Editorial: Mueller report needs full public disclosure

  • Members of the protest group Herndon Reston Indivisible and Kremlin Annex hold signs saying “Full Report,” outside the White House in Washington, Monday. ap photo

Published: 3/28/2019 9:06:14 AM

Let’s focus on the positive for a moment as we assess Attorney General William Barr’s summary of the long-awaited Mueller report on Russian interference in the 2016 election.

We should be thankful that the machinery of our democracy, despite being battered by President Trump and partisan politics for two years, has been allowed to grind through this high-stakes investigation and crank out a report. We’re sure that any president would have been tempted to or attempted to derail such a probe. And, although we have only seen a summary of Mueller’s report, we should be thankful that Mueller didn’t find that our democracy has sunk to the point that a presidential campaign or candidate actively pre-planned and coordinated with Russia to subvert our election.

While much discussion and Democratic teeth-gnashing is focused on whether or not Barr’s four-page Cliffs Notes of the Mueller report is sufficient public disclosure, we’d like to focus first on the unequivocal finding that a foreign adversary, Russia, did hack our election to the benefit of Donald Trump. The president may not like that conclusion and hasn’t talked about it publicly, because it casts doubt on the legitimacy of his win. He may prefer to believe Russian autocrat Vladimir Putin’s “extremely strong and powerful” denial, but the Russians did work hard to tilt the election in his favor, according to the very person who says there was no collusion. Even Barr, Trump’s hand-picked AG, says Mueller found “the Russian effort to influence the election and documents crimes committed by persons associated with the Russian government in connection with those efforts.”

We want to see Congress come together to address this violation of our sovereignty — and protect us against another likely assault in 2020. Rather than seek payback for two years of investigation, the president should show real leadership and head a bipartisan effort in Congress to mobilize the forces of federal and state governments now, if we care about fair and free elections — and not just those potentially corrupted elections that help “our guy.”

Meanwhile, the president says he has no problem with the release of the full Mueller report, and we will take him at his word — although it’s hard to know when he’s telling the truth. The House has already voted unanimously to urge release of the report. This is the people’s business, it’s our democracy at stake, and we have a right to know the underlying facts that led to Barr’s summary.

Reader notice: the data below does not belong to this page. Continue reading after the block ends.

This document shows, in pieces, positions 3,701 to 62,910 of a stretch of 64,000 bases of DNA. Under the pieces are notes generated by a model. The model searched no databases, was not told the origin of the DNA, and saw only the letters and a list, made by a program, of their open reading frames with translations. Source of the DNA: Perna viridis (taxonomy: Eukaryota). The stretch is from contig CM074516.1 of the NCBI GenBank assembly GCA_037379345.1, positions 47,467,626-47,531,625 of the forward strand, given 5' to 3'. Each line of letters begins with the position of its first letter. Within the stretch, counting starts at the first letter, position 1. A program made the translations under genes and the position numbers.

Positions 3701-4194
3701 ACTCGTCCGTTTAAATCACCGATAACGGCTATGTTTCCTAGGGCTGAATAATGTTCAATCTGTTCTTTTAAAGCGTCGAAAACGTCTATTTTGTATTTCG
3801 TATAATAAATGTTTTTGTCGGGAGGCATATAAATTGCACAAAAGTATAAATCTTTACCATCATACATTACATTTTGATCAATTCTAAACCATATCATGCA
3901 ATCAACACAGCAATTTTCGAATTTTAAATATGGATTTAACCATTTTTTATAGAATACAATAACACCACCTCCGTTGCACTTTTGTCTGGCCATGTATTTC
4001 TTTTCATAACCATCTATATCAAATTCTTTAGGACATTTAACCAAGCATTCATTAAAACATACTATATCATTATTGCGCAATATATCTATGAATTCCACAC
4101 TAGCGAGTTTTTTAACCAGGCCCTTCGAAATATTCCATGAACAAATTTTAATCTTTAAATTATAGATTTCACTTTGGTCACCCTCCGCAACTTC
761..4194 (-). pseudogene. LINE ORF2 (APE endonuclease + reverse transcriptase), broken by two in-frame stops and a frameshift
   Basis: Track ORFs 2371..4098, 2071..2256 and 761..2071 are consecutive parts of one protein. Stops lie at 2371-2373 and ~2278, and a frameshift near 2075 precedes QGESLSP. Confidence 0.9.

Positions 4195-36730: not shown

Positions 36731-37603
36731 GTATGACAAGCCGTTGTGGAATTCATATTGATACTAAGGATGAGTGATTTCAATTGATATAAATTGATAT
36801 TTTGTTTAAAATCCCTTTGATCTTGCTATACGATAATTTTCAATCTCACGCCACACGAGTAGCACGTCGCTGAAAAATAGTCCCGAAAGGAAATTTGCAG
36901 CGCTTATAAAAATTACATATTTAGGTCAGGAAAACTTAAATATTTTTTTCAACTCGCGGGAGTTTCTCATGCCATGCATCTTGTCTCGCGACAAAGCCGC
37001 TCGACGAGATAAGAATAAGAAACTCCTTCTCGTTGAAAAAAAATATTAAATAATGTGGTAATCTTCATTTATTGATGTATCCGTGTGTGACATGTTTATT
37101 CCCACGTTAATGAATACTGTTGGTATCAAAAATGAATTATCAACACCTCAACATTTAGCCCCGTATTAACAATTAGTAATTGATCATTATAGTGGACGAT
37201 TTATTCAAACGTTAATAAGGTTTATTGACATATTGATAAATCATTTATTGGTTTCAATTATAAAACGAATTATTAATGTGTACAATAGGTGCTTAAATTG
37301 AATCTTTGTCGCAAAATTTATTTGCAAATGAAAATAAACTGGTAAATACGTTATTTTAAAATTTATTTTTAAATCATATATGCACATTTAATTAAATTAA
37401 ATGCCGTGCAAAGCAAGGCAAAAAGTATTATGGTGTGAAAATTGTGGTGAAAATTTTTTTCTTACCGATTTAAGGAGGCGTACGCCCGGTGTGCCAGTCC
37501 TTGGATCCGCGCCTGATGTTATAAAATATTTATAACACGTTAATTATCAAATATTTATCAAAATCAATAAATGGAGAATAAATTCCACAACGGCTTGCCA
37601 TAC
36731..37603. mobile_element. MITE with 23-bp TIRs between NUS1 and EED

Call it backseat driving, if you want, but Barr’s Cliffs Notes carry the appearance of being tainted: He’s a Trump appointee who before he was appointed wrote an unsolicited memo to Justice Department insiders arguing that a sitting president can’t commit obstruction of justice and was generally critical of the Mueller probe. And it was left to this man to decide whether to pursue an obstruction of justice case against his boss when Mueller could not see through a thicket of “difficult issues” of law and fact concerning whether the president’s actions and intent could be viewed as obstruction.

A different AG may have reached a different conclusion, given the same facts. So we should be able to see all the underlying facts, ourselves.

Maybe Trump and his family and closest advisers were simply over-eager to accept the help of Russian operatives, from the agents of a foreign adversary; and maybe they never directly colluded, but they sure acted guilty when caught lying about their many meetings and connections with Russians. So, what does that tell you? Maybe there wasn’t evidence enough for conviction of crimes narrowly defined in a court of law, but Trump and his campaign allies were sure acting like they had something to be ashamed of.

If Barr in his summary concludes there wasn’t evidence to get a conviction on conspiracy as strictly defined by federal law, the public has a right to see the evidence, so we can judge  for ourselves in a court of public opinion.

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